Birding On Grand Cayman Island - March 2017

For our 45th wedding anniversary we have just treated ourselves to a two week cruise from Miami Florida to Cartagena Colombia and back to Miami. On the way down the western Caribbean, we called at Key West, Havana, Cozumel, Costa Maya, Costa Rica and Colon. Plenty of opportunity for birding there but, surprisingly, the highlight was Grand Cayman Island on the way back.

Some basic facts. Located some 250 miles south of Cuba, Grand Cayman is by far the largest of the three Cayman islands. Yet it measures only 76 square miles, 22 miles long and 8 miles wide at its widest. The terrain is virtually flat (max 60 feet above sea level). The soil is thin as the subsoil is limestone. Hence whilst there are several lakes surrounded by mangroves (great for water birds), the groundwater is brackish (most fresh water produced by two desalination plants).

The resident population is around 55,000. Once a lair for pirates in the 16th century, it is now an upmarket holiday destination (especially on its famous Seven Mile Beach of fine coral white sand and for the diving opportunities). It also boasts a very successful offshore financial services industry (600 banks though no high rise buildings to indicate that). So, unsurprisingly, it has one of the highest per capita incomes of the whole Caribbean. As a British Overseas Territory, its runs its own internal affairs under the oversight of a (currently) lady Governor and is staunchly British.

Whilst the above did not seem promising for a birder, development has generally been along the coasts, leaving the centre of the island full of mangrove wetland and in some places (such as the Botanic gardens) decent expanses of woodland. On the day of our visit it was very warm but with overcast skies – so the birds were more active than usual. Furthermore, we had an excellent local birding guide in Geddes Hislop, a manager in the famous Green Turtle farm (see later in this blog).

As to the birding, there are reported to be 244 species on the current list, including 98 rare or accidentals and 4 introduced. The regulars include 1 endemic full species (Taylor’s Bullfinch), 16 endemic subspecies, and virtually the whole of the world population of the Vitelline warbler.

Where to start? What about the national bird, the lovely Grand Cayman Parrot? An endangered endemic subspecies, here is a shot of one of the three pairs of the Rose-throated Parrot that Geddes found for us.


And here is a great close-up of a male West Indian Woodpecker in the Botanic Gardens car park. He was busy excavating a nest hole in a tree trunk that seemed far too thin for that purpose, whilst his partner watched on.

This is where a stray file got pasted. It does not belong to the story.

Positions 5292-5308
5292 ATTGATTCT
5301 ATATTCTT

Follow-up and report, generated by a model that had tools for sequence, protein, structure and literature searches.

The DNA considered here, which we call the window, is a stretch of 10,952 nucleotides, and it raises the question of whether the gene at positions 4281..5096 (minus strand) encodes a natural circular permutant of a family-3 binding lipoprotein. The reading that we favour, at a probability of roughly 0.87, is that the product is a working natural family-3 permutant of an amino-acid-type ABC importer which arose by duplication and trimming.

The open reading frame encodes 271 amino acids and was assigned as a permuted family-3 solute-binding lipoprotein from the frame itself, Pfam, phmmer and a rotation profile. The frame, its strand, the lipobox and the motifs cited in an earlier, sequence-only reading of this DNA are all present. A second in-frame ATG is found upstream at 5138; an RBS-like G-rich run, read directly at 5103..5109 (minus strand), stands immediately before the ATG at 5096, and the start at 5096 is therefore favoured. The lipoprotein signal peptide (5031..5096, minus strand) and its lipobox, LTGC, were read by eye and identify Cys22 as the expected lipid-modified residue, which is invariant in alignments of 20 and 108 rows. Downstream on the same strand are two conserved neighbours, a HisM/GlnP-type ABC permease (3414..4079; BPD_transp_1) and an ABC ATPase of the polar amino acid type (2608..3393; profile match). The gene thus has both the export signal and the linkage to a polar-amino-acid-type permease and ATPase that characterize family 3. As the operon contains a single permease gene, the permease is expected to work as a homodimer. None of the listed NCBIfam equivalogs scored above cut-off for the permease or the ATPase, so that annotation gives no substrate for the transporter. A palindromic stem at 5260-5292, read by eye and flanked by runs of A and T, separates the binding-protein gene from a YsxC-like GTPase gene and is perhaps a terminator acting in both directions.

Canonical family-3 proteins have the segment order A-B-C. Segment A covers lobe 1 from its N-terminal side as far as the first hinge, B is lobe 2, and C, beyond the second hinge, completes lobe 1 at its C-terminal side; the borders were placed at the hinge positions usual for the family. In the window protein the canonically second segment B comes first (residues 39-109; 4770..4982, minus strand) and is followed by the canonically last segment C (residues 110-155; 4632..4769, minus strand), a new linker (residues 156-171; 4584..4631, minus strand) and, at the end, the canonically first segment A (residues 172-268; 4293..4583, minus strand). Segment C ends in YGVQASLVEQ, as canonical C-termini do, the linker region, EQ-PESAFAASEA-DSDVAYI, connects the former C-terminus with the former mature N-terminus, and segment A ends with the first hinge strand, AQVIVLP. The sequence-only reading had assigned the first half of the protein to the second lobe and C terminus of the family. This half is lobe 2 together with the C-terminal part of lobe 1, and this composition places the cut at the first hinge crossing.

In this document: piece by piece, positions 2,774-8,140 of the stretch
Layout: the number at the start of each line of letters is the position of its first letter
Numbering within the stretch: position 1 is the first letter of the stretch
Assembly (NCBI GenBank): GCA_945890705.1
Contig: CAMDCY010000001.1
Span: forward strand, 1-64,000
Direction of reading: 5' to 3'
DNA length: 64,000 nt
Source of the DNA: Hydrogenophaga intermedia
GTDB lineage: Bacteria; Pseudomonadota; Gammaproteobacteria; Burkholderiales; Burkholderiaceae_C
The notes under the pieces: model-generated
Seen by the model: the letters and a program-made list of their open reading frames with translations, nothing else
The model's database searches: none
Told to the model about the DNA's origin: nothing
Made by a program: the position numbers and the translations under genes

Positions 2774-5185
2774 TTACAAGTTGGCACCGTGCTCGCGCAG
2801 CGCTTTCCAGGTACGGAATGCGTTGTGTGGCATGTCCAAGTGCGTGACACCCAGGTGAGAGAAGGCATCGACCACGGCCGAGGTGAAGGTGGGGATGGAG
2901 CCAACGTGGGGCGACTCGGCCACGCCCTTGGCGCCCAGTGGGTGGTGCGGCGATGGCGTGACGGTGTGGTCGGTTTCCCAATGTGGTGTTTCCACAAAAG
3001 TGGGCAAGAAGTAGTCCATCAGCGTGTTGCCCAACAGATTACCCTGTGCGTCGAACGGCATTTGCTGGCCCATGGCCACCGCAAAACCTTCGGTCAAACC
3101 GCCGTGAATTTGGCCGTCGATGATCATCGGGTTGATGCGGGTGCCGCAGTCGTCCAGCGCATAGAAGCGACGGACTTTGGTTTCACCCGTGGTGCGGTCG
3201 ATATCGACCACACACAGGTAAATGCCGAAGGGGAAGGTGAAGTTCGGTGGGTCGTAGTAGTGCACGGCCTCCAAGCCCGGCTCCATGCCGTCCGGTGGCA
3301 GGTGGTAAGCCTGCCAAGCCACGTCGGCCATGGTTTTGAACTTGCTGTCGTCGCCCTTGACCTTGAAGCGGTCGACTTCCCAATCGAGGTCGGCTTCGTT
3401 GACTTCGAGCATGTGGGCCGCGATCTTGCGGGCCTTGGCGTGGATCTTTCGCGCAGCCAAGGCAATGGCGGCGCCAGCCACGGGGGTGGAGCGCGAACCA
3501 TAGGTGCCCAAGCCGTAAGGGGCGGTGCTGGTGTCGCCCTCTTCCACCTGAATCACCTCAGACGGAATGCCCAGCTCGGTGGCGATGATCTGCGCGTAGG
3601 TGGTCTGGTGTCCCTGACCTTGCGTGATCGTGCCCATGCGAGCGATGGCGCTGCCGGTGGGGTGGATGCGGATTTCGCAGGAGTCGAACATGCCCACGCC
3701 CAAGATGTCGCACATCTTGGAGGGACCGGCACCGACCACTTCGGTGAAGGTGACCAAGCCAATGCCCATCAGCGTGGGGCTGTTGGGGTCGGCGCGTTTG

Another colourful bird was the elusive Western Spindalis (aka Stripe-headed Tanager) hiding in the shrubbery.


As to warblers, we did manage to see the near endemic Vitelline Warbler, a Prothonotary Warbler and a Yellow-throated Warbler. But pride of place goes to this spectacular Yellow Warbler. The curious bird approached our parked car and sat on the wing mirror before it flew down to the shrubbery to resume its search for food when I opened the window.


Anyone who has travelled across the Atlantic will be familiar with Grackles. This blackbird family member is omnivorous, resourceful and opportunistic. I have read that they even learn to drop stones in water to raise the water level in order to obtain food. The local representative is the Greater Antillean Grackle, whose range is limited to the western islands of the Caribbean. Here is a photo of the iridescent glossy male near the Governor Core bird sanctuary. Note the baleful yellow eye and the typically very long tail (which is often swivelled like the US species- the Boat-tailed Grackle). The female of course looks like an entirely different bird, being smaller and brown.


Another black bird with a long tail which we saw was the Smooth-billed Ani. This species has a most unusual club-shaped bill. Although a member of the cuckoo family, the species does not share its relatives’ compulsion to foster its young. Here is a photo showing the strange bill.


Another common bird on the other side of the Atlantic is the Mockingbird. The range of the US species, the Northern Mockingbird, extends down through the western Caribbean islands. Highly vocal, it is an excellent imitator of other birds’ sounds. So when tracking down an unusual call, don’t be surprised if you are disappointed! Here is one example where there was no difficulty.


One of the 4 introduced species is worth a mention. The wild Junglefowl is widespread throughout the island, males and females seemingly foraging on every piece of waste ground and in gardens as we passed in the car. Geddes says they are becoming a bit of a pest, particularly because of the early morning crowing of the cockerel. Here is a splendid male exploring the possibilities on the promenade sidewalk in George Town (the capital) as we waited for our pickup.